July 9, 2018

(This blog first appeared on November 2, 2010)

Each summer I put together a list of all the problems we’re addressing and all the projects we know we’ll be working on through the MHSAA during the year ahead. It’s always a long list, and accomplishing just a few items would make any year a good year.

So, this requires that we try to decide between all that we might do and all that we must do. And here’s a reminder of one thing we must do.

When I ask school and community groups with whom I’m speaking about what they think the problems are in school sports, the most popular responses from these constituents are (1) too little funding, and (2) too many misdirected parents; or sometimes that order is reversed: over-involved parents and under-funded programs.

I like to caution people that in some situations, our students suffer from too little adult engagement in their lives and that, almost everywhere, interscholastic athletics benefit greatly from the time and energy parents and other adults volunteer to help local programs operate. But I get the point of what I’m hearing.

These and other responses I hear – serious as these cited problems can be – may merely be symptoms of the single, fundamental issue that’s at the heart of all the others. That’s perspective.

  • Too little money for schools and sports?

  • Perspective – spending money on less essential things.

  • Pressure-packed parents?

  • Perspective – people focusing on adults’ desires more than students’ needs.

  • Poor sportsmanship?

  • Perspective – forgetting or never learning the pure purpose of educational athletics.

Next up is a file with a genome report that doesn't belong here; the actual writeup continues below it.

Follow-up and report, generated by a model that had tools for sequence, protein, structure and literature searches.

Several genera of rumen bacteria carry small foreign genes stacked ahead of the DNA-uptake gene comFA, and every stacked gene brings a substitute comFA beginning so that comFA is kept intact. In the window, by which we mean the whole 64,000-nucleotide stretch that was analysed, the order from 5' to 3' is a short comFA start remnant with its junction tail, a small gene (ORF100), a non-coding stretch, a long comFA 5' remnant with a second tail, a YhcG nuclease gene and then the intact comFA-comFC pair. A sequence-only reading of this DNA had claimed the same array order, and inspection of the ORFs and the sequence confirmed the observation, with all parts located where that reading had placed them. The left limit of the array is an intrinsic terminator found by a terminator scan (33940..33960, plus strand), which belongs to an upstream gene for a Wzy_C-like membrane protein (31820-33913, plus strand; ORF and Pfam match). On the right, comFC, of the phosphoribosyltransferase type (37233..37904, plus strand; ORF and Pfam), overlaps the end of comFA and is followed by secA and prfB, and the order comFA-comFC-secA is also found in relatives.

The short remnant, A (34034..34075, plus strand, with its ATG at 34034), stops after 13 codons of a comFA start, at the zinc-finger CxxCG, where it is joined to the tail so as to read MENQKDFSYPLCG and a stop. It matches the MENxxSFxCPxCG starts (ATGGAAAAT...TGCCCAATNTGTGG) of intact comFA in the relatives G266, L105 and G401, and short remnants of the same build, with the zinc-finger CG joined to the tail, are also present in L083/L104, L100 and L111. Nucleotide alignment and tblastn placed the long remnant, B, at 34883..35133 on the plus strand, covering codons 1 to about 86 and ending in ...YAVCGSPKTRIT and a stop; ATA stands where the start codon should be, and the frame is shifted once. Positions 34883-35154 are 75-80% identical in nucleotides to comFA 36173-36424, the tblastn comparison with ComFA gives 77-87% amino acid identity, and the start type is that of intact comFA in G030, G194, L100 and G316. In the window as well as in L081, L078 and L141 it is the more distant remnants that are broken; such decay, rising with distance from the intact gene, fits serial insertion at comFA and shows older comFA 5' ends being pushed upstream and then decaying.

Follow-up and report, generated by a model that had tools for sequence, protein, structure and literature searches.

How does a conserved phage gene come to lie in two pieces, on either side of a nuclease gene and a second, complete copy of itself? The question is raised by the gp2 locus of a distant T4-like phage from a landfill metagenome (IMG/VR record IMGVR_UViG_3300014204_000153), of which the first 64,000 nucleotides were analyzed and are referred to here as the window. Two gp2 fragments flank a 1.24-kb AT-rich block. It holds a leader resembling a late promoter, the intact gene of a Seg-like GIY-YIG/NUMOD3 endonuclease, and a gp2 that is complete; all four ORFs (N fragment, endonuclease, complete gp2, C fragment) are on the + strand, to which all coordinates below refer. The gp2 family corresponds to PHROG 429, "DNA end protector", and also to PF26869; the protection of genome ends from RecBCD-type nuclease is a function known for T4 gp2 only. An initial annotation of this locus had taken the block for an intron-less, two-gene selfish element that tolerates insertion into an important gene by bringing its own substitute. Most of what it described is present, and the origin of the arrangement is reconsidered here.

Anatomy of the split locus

• Too much specialization?  Too much year-round competition?

  • Perspective again.

  • Too much talk of college athletic scholarships?

  • Perspective once again.

In essence, almost all issues arise from matters of perspective. At their root, almost all problems are problems of perspective.

What can we do about this?

I don’t have the perfect prescription; but one thing is certain: we can’t relegate this to an afterthought. We cannot hope to make time to address this problem each day; we must plan to make time for it each day.

We need to model a positive perspective. Point to it when we see it. Explain it. Reward it.

It can’t be left to others. We are the guardians of proper perspective. It’s Job 1.

Cheering for Sportsmanship

July 31, 2018

(This blog first appeared on on January 8, 2013.)

I try to start each new school year at the Michigan Interscholastic Press Association summer camp at Michigan State University. I talk briefly about who the MHSAA is and what it does; and then two or three dozen high school newspaper editors and writers ask me questions; and in doing so, they give me clues to what’s going on in our schools and what’s important to our students.

Several years ago, when I opened the session to questions, one young man asked: “Mr. Roberts, what’s your job?” I paused, and then said, “I guess I’m the head cheerleader for high school sports in Michigan.”

So then this precocious student asked: “Okay, what do you cheer for?”  With a briefer pause, this is some of what I said:

  • I cheer for sportsmanship that’s not merely good, but great.

  • I cheer for sportsmanship, not gamesmanship.

  • I cheer for playing by the rules, both the letter and the spirit.

  • I cheer for maximum effort to try to win each and every contest.

  • I don’t cheer for winning at any cost; I do cheer for learning at every opportunity.

  • I cheer for losing with grace and for winning with even greater grace, with humility and modesty.

  • I cheer for the lessons of victory and the even greater lessons of defeat.